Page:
At some point she had to face demeaning words from other male contestants, but the best to do at the time was to shun negativity and stay focused. Male intimidation never tugged her down.
“My experience with 2019 elections was rather inclined to learning as it was my first time running for office as a politician, so I wanted to see if really hard work has results because I always hear stories of how people are bought,” she said.
“So since I was not buying anyone, I was on a learning curve to test my hard work style of delivery against what is believed out there. So it was exciting and again I say it was a learning curve as most NGOs fighting to increase women participation in politics were continuously training us.’
Despite everything she feels women political participation in Botswana is still low. She has pleaded with the media to cover them more often as she believes maybe it will help more women to run for office.
Botswana has few women in parliament, giving men dominance in policy decisions. In a 63-seat parliament, Botswana has only seven female MPs, four of them being specially elected lawmakers.
According to the 2019 edition of the biennial Inter-Parliamentary Union (IPU) Map of Women in Politics. Among the top African countries with a high percentage of women in ministerial positions are Rwanda (51.9%), South Africa (48.6%), Ethiopia (47.6%), Seychelles (45.5%), Uganda (36.7%) and Mali (34.4%).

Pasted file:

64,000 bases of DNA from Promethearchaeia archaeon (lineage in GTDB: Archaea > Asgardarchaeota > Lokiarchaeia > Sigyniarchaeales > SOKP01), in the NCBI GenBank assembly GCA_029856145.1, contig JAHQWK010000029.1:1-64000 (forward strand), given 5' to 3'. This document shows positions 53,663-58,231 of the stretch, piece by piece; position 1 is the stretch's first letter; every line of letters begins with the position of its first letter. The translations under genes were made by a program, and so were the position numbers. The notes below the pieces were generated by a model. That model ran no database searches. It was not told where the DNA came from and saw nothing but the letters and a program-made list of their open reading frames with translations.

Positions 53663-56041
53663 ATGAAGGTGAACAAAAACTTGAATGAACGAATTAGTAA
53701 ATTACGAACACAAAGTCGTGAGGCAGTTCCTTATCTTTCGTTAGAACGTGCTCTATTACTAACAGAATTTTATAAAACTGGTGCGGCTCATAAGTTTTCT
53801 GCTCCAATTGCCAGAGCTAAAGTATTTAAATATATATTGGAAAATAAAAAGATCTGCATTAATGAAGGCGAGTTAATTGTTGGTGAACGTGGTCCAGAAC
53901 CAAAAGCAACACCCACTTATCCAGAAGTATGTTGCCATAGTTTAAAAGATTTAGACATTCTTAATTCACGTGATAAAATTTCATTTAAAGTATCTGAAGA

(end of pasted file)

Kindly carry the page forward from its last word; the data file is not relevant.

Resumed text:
The lowest percentage in Africa was in Morocco (5.6%), which has only one female minister in a cabinet of 18.
Other countries with fewer than 10% women ministers include Nigeria (8%), Mauritius (8.7%) and Sudan (9.5%).Other African countries with high percentages of women MPs include Namibia (46.2%), South Africa (42.7%) and Senegal (41.8%), according to the report.
Though a slight increase, Botswana is still lagging behind when it comes to women political participation.
According to a report made by IEC for the 2019 elections, there is 11.1% women representation in parliament. There has been a 1.6% slight increase from the 2019 election compared to the 2014 elections.
According to United Nations, there are two main obstacles that prevent women from participating fully in political life.
These are structural barriers, whereby discriminatory laws and institutions still limit women’s ability to run for office, and capacity gaps, which occur when women are less likely than men to have the education, contacts and resources needed to become effective leaders.
As it stands though, Botswana has continued to recognize gender equality as central to socio-economic, political and cultural development through its National Vision 2036.
Following the adoption of the National Policy on Gender and Development in 2015, the National Gender Commission was established in September 2016, to monitor implementation of the policy.